What it's Like
I'd tell you if the diet wasn't great. The one big compromise is that eating out becomes much more difficult. The first month or two takes some adjusting and you'll crave old foods. Strangely, I craved egg rolls, a food I was never particuarly into.
After a while you develop a disgust for traditional food. You see it for what it is- sustenance that is slowly damaging your body and working against your goals.
Eating becomes WAY more enjoyable and satisfying. Other people who have started eating like this say the same thing. You taste flavors you've never known, and you gain a deep contentment because you know that your body LOVES what you're putting in it. You know that you're eating the way you were designed to eat. You appreciate your food more.
Some people suggest that everything in "moderation" is okay. It depends what your standards are, and I find it hilarious that they always think the best option is moderation between things they KNOW are good for them and things they LIKE. Strange coincidence...
The argument that you need to eat meat and sugar to enjoy life is ridiculous too. It's the difference between surface and depth. Are cheap sugar induced thrills the key to enjoying life? Or is it eating in a way that is satisfying and in alignment with your values and goals?
You know where I stand.
This series finishes with Part V, where I cover some common objections.
Hi, great article. I just have a little question:
English is not my first language and I'm having trouble finding out what does "sprouted grain bread" means.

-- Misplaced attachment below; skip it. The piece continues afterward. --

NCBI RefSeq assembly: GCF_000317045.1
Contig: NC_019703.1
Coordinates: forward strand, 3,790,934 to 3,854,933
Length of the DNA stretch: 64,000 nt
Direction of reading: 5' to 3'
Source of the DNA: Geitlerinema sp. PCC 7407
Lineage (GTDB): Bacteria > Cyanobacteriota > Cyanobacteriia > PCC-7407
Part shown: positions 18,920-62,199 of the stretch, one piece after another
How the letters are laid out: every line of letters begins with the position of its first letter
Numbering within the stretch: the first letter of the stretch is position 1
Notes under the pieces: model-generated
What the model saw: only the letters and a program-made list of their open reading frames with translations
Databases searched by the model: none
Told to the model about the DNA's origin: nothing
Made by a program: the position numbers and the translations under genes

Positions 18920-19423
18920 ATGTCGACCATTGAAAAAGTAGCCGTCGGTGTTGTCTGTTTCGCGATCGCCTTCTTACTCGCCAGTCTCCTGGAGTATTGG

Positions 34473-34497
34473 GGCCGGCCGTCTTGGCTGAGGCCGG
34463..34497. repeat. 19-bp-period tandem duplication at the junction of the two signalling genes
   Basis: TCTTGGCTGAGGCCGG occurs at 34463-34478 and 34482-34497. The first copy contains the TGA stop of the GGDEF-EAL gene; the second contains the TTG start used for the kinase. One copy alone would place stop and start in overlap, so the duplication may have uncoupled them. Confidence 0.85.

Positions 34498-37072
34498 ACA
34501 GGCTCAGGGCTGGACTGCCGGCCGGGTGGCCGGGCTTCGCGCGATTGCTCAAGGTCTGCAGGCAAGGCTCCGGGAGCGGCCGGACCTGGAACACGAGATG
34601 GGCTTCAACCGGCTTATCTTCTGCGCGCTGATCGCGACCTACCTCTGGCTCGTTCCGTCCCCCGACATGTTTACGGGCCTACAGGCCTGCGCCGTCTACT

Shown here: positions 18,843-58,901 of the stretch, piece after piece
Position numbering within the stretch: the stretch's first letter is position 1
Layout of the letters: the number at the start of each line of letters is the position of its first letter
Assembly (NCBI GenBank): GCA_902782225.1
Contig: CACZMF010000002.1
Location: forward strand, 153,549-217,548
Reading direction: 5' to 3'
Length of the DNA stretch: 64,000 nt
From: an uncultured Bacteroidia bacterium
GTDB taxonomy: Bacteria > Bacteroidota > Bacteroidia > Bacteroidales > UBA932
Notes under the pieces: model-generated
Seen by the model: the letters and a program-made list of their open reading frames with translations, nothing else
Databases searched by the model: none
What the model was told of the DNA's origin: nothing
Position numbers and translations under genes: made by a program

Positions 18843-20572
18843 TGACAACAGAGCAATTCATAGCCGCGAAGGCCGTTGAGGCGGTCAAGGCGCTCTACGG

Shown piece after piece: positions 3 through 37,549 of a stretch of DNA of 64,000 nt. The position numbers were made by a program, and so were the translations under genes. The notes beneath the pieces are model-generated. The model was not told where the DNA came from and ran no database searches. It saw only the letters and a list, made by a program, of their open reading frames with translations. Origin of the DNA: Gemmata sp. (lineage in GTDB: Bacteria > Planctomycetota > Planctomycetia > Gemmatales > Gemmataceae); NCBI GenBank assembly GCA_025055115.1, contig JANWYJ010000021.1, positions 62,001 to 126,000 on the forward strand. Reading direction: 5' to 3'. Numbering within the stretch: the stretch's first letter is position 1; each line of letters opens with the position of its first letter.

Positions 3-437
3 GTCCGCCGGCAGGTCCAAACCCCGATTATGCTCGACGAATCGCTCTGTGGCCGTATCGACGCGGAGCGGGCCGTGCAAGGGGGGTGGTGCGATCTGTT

I understand you reffer to bread made of whole grain flour... right? But what does "sprouted" mean in that context? Thanks.
The only issue with soups, beans, or veggies from a can is the BPA lining the can walls. Look for cans stating BPA-free (hard to find) or the ones that are in cartons.
Hey! Thanks for your post. I found your blog through some convoluted chain off of Gary Taubes' website, then via Denise Minger - thanks for all those back-and-forth responses from Denise and Colin and for examining the issue, by the way! Very interesting and I liked your take on them.
You and Gary are in agreement that sugar and unrefined carbs are the devil, although he is a huge proponent of animal protein, and it's not clear to me what his position on conventional "meat"-growing is. He certainly can't claim there is enough hard scientific evidence, however, to back up his claim that there is no health reason to not eat meat.
I've been vegetarian for 13 years because it felt right, but ironically only got into healthy eating about two years ago when I volunteered on a vegan farm. (As a teenager I ate a lot of conventional dairy as well as fake soy stuff.) Anyway, when I volunteered on the farm I became strict vegan for a month or so. That was when I realized that I ate too much dairy before and didn't even like it much, aside from cheese. It was good. I also began to stick pretty strictly to whole grains and avoid potatoes. Also good.
Aside from eggs and a tiny bit of dairy occasionally, I began to start eating a lot like you do -- and I now have a lot of faith in the "MaxDiet" as you call it, although objectively I would allow that others might be able to eat occasional quantities of pasture-fed meat and eggs, and be just as healthy.
Some questions for you:
While vegan something I really missed were eggs. I lived in Guatemala for a time, and everybody ate 1-2 eggs a day there. I started to do the same. I realize now that eating eggs in the morning instead of cereal/granola or oats makes me more satisfied and I love them. What's your take on eggs? And also you don't mention dairy?
And, I've been off white sugar for awhile, but I will occasionally indulge if there are cookies or cake on offer. And I sometimes use honey and maple syrup. Are all sweeteners the same? Do you think limiting sugar to some extent has benefits? Or is it really necessary to go cold turkey? I can see myself cutting down but I feel like I have too many memories from childhood and too many family members to ever want to give it up totally.